Two of the kids and I drove down to Sisseton, SD, yesterday to start off the July 4 weekend by celebrating with the ancestors of our nations first people. Having grown up on a reservation, my childhood summertimes were graced by the colors and sounds of powwows. I have missed the drums and the dance and wanted my own kids to know firsthand of their power and beauty. It was a hot day, but we had shade as well as plenty of lemonade and Indian tacos for nourishment. I loved our adventure and am intent now on finding my way to more powwows in the future.
It’s worth noting that the American Indian of both today and in recent past has contributed valiantly to our country’s survival, even when fighting alongside former adversaries. In Montana alone, since World War I, the participation of Indian people in our country’s wars has been proportionately higher than that of any other racial or ethnic group (The History of the Fort Peck Assiniboine and Sioux Tribes, 1800-2000, p.456).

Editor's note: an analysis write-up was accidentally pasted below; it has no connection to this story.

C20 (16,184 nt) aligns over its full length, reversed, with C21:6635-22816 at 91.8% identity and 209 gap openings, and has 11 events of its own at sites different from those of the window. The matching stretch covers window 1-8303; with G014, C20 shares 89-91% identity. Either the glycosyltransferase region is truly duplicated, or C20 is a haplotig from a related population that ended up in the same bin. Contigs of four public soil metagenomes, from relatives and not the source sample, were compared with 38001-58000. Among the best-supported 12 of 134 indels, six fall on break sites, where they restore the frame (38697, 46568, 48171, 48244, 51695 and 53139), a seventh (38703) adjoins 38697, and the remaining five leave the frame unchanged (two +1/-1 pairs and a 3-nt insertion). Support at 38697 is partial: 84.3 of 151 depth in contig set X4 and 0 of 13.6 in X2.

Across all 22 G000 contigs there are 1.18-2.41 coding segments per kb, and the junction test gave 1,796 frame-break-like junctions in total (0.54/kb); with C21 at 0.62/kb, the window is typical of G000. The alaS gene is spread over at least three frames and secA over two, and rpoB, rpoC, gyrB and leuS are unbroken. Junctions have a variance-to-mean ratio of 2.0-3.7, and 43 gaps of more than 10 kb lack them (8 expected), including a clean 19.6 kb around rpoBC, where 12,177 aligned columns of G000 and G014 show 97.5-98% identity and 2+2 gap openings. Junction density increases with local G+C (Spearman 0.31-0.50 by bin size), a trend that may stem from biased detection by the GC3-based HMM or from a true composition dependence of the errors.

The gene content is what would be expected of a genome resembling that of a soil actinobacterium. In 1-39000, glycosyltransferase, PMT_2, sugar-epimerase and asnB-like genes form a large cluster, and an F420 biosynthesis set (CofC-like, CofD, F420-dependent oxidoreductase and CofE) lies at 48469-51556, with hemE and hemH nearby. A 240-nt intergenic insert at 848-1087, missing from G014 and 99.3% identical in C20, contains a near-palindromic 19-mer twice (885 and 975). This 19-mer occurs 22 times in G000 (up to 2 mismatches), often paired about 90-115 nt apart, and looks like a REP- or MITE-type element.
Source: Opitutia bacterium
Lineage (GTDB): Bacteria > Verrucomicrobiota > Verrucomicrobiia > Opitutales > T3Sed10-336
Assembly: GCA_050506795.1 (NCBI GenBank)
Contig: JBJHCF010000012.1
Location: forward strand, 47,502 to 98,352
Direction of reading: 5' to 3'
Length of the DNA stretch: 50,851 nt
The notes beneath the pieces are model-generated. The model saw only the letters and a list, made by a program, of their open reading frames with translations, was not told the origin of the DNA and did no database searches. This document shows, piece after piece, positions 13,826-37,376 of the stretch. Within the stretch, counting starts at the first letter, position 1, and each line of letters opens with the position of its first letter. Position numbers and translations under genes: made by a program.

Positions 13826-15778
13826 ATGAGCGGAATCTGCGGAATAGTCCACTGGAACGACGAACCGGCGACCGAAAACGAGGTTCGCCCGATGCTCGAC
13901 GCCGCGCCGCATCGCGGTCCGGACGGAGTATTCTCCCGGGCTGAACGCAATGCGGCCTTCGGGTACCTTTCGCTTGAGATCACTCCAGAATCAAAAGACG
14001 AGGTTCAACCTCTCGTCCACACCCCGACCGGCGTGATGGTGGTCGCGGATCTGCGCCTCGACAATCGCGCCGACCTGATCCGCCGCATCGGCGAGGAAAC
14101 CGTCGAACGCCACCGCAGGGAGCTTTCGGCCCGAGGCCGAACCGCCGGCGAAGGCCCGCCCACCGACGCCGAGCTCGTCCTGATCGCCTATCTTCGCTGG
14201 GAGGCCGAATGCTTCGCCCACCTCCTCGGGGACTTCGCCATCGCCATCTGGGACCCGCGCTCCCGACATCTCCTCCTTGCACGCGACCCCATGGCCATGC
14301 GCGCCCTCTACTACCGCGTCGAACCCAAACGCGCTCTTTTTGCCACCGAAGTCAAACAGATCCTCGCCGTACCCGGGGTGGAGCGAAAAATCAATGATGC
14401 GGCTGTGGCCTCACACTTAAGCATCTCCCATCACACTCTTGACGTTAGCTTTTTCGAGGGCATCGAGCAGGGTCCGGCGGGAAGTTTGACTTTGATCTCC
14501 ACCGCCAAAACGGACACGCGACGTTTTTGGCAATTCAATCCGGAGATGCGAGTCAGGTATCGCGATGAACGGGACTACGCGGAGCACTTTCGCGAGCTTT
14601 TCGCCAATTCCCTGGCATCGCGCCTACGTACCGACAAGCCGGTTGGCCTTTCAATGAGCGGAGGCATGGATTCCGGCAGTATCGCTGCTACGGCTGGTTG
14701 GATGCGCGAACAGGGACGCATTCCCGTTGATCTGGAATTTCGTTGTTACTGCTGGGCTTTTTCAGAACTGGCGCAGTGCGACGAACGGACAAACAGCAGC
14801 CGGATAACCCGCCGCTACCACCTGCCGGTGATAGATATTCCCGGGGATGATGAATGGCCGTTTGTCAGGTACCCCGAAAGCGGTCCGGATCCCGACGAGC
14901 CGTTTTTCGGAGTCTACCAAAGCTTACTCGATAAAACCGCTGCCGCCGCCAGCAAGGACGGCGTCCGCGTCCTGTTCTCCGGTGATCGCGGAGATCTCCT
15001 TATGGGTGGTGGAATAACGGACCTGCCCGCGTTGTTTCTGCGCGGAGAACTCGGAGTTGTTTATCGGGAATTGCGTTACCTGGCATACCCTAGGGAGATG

Yesterday, at the 143rd Annual Sisseton Wahpeton Oyate July 4 Wicipi, the pride of the Indian people regarding their involvement fighting for this country in great numbers was evident. More than fifty American flags were on display, and tributes were carried out for those who have fought and either fallen or survived. It was a very meaningful way to celebrate our country’s existence.
Below is a brief glimpse of what we took in:
Q 4 U: How are you/did you celebrating/celebrate your Fourth of July 2010?